A stage two-phase one calculation (again using Equation (1)) is then performed using all of the then current data in stage two memory 66, including, inter alia, respective points G1 (written to stage two memory during the current cycle) and X23 (written to stage two memory in a previous cycle), to calculate interpolated data point G2 (Step 404). A stage three-phase one calculation is then performed using all of the then current data in stage three memory 64, including, inter alia, data point G2 (written to stage three memory during the current cycle) and data point X23 (written to stage three memory in a previous cycle), resulting in interpolated value G3 (Step 406). Data point G3 is then written into output FIFO 68.
A stage three-phase two operation is then performed on data point G2 (Step 408), passing data point G2 to output FIFO 68. Thereafter, a stage two-phase two operation (Step 410) passes data point G1 into stage three memory (via temporary storage 54). Data point G1 is then used in a stage three-phase one calculation (Step 412), to calculate data point G4 which is written into output FIFO 68. A stage three-phase two operation (Step 414) then writes data point G1 to output FIFO 68.
A stage one-phase two operation then passes original data point G5 (X22) to stage two memory (Step 416). A stage two-phase one operation (Step 418) calculates data point G6, and writes this data point to stage three memory (preferably via temporary storage 54). A stage three-phase one operation (Step 420) calculates data point G7 and writes it to output FIFO 68. A stage three-phase two operation (Step 422) then passes data point G6 to output FIFO 68.
A stage two-phase two operation (Step 424) passes data point G5 to stage three memory (Step 424). A stage three-phase one operation (Step 426) then calculates data point G8 and passes it to output FIFO 68. Finally, a stage three-phase two operation (Step 428) passes data point G5 to output FIFO 68.
By performing the foregoing operations in the order set forth in FIG. 12, the interpolated data points shown in FIG. 8 are calculated (or, in the case of point G5 (X22), simply accessed) in the following order: G1, G2, G3, G4, G5, G6, G7, G8. However, to provide proper temporal sequence, the data points are output to output FIFO 68 in the following order: G3, G2, G4, G1, G7, G6, G8, G5. In this way, the cascaded, three-stage interpolation may be performed in an uninterrupted fashion while outputting the interpolated data points in the proper chronological sequence.
In accordance with one aspect of the present invention, particular efficiencies in cycle execution time are achieved by employing various methodologies of inputting data into and retrieving data from memory 50. With reference to FIG. 9, the preferred flow of data through RAM 50 in the context of the foregoing 8× interpolation scheme will now be described.
Successive input data points are sequentially read from ROM 12 into FIFO 52 as described above in conjunction with FIGS. 1 and 2. During normal operation, the data are retrieved from FIFO 52 in up-counter fashion (i.e., from location 0, location 1, location 2, location 0, location 1, location 2 and so on) and successively written onto locations 4-41 of stage one memory. The "rolling" pointer scheme employed to retrieve the data from the appropriate location in FIFO 52 is discussed above in conjunction with FIG. 5; a similar "rolling" pointer scheme, employed to sequentially retrieve the data from FIFO 52 and write the data into memory locations 4-41 is discussed below in connection with FIG. 7. During stage one-phase one processing, coefficients C1-C19 (FIG. 11) are sequentially retrieved from coefficient ROM 51 (FIGS. 2 and 6), and Equation (1) is implemented using the 38 data points resident in stage one memory.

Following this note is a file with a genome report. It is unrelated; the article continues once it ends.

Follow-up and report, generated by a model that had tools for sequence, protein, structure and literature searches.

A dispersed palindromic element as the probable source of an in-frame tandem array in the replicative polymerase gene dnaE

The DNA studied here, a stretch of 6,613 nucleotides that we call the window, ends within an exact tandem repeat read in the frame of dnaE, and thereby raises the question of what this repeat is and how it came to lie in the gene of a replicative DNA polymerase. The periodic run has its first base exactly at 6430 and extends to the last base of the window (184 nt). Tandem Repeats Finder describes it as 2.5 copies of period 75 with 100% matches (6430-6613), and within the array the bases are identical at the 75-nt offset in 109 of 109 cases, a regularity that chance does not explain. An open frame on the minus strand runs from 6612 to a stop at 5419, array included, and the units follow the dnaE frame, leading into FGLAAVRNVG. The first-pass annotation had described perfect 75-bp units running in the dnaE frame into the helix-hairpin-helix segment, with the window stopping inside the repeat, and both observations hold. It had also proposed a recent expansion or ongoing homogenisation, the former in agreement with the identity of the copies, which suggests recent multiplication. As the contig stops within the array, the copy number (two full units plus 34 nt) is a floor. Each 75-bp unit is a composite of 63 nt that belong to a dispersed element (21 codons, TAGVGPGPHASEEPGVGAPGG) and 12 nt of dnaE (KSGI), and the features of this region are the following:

In accordance with one aspect of the present invention, pointer circuit 201 (FIG. 7A) is configured to control the retrieval of data from stage one, stage two, and stage three memory sectors, in an "inside-out" manner (described below), thereby minimizing the number and size of the circuit components required to implement the subject data retrieval functions.
Referring now to FIGS. 7A-7B, pointer circuit 201 is suitably configured to cooperate with control sequencer (processor) 34 (FIG. 2) to effect the operational sequence described in conjunction with FIG. 12. More particularly, pointer circuit 201 is advantageously configured to sequentially retrieve respective symmetrical data pairs from the stage one, stage two, and stage three memory sectors to thereby facilitate the multiplication of the sum of each respective data pair by a predetermined coefficient c in accordance with data execution unit 42. The operation of data execution unit 42 is discussed in greater detail in conjunction with FIG. 6.
Pointer circuit 201, suitably resident in address generator 32 (FIG. 2), advantageously comprises a stage one register 202, a stage two register 204, a stage three register 206, an up-counter 208, a down-counter 210, an up-counter output register 212, a down-counter output register 214, and an address bus link 216.